How Effective has Turkey been in Adopting TNR Policy for Strays
Turkey has successfully implemented the trap, neuter, and release policy for its millions of stray animals living alongside humans in busy metropolises. As these animals are digitally tagged to keep track of their whereabouts, and an app has also been developed to help locals keep track of who feeds and takes cares of these tagged animals, the violent incidents, animal attacks, and spread of disease have significantly reduced over time. Turkey has also imposed heavy fines and punishments for those who kill these stray animals. Local police departments have added an animal welfare squad in their teams who look out for any case of animal abuse. Recently, a group of criminals was sentenced to 4 years in prison for poisoning and killing stray animals. Since the Turkish society has a deep-rooted cultural connection with these animals for centuries, many private and government organisations are actively contributing to the cause by running mobile vaccination centres which track and capture stray dogs and cats, only to vaccinate, neuter, and release them at a later date. Many cities have also developed animal shelters for their strays where people can adopt these animals as pets (DW, 2013).
Various studies have shown that killing of stray animals is not an effective method of dealing with growing stray animal populations and adopting a strategy of animal birth control is far better in the long run. Animals are also living creatures who deserve rights like any other living being. Most cases of animal violence and disease are related to the poor conditions and human abuse towards these voiceless creatures. Many countries of the world have adopted the trap, neuter, and release method for dealing with their stray animal populations; however, the case in Pakistan remains to be ignored. Cities have also set up animal welfare shelters, where people can adopt vaccinated and treated stray animals as pets. Pakistan should look towards fellow Muslim countries who are also attaching great importance to their voiceless citizens. Be kind to animals.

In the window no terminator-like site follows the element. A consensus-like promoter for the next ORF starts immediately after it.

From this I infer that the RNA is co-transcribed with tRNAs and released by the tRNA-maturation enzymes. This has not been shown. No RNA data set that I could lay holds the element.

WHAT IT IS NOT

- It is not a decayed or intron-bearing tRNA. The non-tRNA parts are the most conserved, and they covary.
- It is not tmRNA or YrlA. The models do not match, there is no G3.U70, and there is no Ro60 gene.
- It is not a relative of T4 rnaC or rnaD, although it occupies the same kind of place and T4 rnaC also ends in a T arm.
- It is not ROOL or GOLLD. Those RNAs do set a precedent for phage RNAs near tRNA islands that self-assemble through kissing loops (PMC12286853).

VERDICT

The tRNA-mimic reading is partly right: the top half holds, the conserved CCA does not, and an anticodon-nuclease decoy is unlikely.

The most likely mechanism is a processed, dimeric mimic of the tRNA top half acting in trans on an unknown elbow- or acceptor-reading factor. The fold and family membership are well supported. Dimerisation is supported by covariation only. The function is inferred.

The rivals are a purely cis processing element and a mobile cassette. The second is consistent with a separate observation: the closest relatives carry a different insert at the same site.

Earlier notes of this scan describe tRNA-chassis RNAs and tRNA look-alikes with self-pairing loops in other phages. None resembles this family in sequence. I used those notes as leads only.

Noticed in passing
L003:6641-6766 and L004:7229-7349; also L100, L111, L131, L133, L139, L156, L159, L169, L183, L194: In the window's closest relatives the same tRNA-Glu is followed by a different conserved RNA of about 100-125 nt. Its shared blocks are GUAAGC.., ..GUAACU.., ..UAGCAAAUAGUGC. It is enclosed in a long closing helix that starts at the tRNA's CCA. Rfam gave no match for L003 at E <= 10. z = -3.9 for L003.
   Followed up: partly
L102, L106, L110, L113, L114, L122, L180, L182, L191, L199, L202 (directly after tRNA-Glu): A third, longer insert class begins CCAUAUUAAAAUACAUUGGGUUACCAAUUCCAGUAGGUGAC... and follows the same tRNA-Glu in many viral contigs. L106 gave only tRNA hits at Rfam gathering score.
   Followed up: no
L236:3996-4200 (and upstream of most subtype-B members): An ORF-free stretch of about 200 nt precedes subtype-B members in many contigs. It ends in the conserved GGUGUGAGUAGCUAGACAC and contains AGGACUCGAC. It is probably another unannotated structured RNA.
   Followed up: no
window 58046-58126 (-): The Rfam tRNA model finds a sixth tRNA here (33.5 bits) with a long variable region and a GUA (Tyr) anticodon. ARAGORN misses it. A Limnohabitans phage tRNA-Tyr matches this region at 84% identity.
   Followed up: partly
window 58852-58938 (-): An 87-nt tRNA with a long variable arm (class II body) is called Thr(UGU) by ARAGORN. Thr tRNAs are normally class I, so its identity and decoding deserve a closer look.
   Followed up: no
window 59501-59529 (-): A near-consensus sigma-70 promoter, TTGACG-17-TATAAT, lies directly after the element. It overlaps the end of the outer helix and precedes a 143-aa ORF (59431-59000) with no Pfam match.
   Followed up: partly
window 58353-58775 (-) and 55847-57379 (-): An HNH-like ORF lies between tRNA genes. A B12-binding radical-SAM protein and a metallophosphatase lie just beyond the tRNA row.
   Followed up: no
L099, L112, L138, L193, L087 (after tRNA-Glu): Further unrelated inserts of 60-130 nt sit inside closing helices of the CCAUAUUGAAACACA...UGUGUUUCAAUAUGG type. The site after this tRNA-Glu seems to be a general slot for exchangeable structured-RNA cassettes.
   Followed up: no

Dawn. (2021). Istanbul’s streets are safe for stray dogs — can Pakistan follow its lead? Retrieved from https://images.dawn.com/news/1186313
(2013). Istanbul’s forgotten dogs struggle for survival. Retrieved from https://www.dw.com/en/istanbuls-forgotten-dogs-struggle-for-survival/a-16997550
LawInsider. (2021). Stray animal definition. Retrieved from https://www.lawinsider.com/dictionary/stray-animal
Ortega, A. (2010). Debate For and Against Euthanasia in the Control of Dog Populations. Retrieved from https://www.intechopen.com/chapters/19620
Is poisoning and killing stray animals the only way for dealing with rising stray animal populations?
What is the Trap, Neuter, and Release method for animal birth control?
How effective has Turkey been in adopting animal birth control policies?
The Turkish parliament approved a long-awaited bill on animal rights in the July of 2020, under which animals will no longer be seen as commodities or products, but as living creatures worthy of respect and rights.
Among all the animals that coexist with humans in urban societies, the most vulnerable in terms of hunger, environmental hazard, and physical abuse are stray animals.
These living beings are born on the busy streets of metropolises without proper shelters, inconsistent and shrinking supplies of food, and constant fear of being harmed by those who do not understand them.
Instead of poisoning or killing these animals, a better strategy can be applied to deal with the challenge in a more humane manner.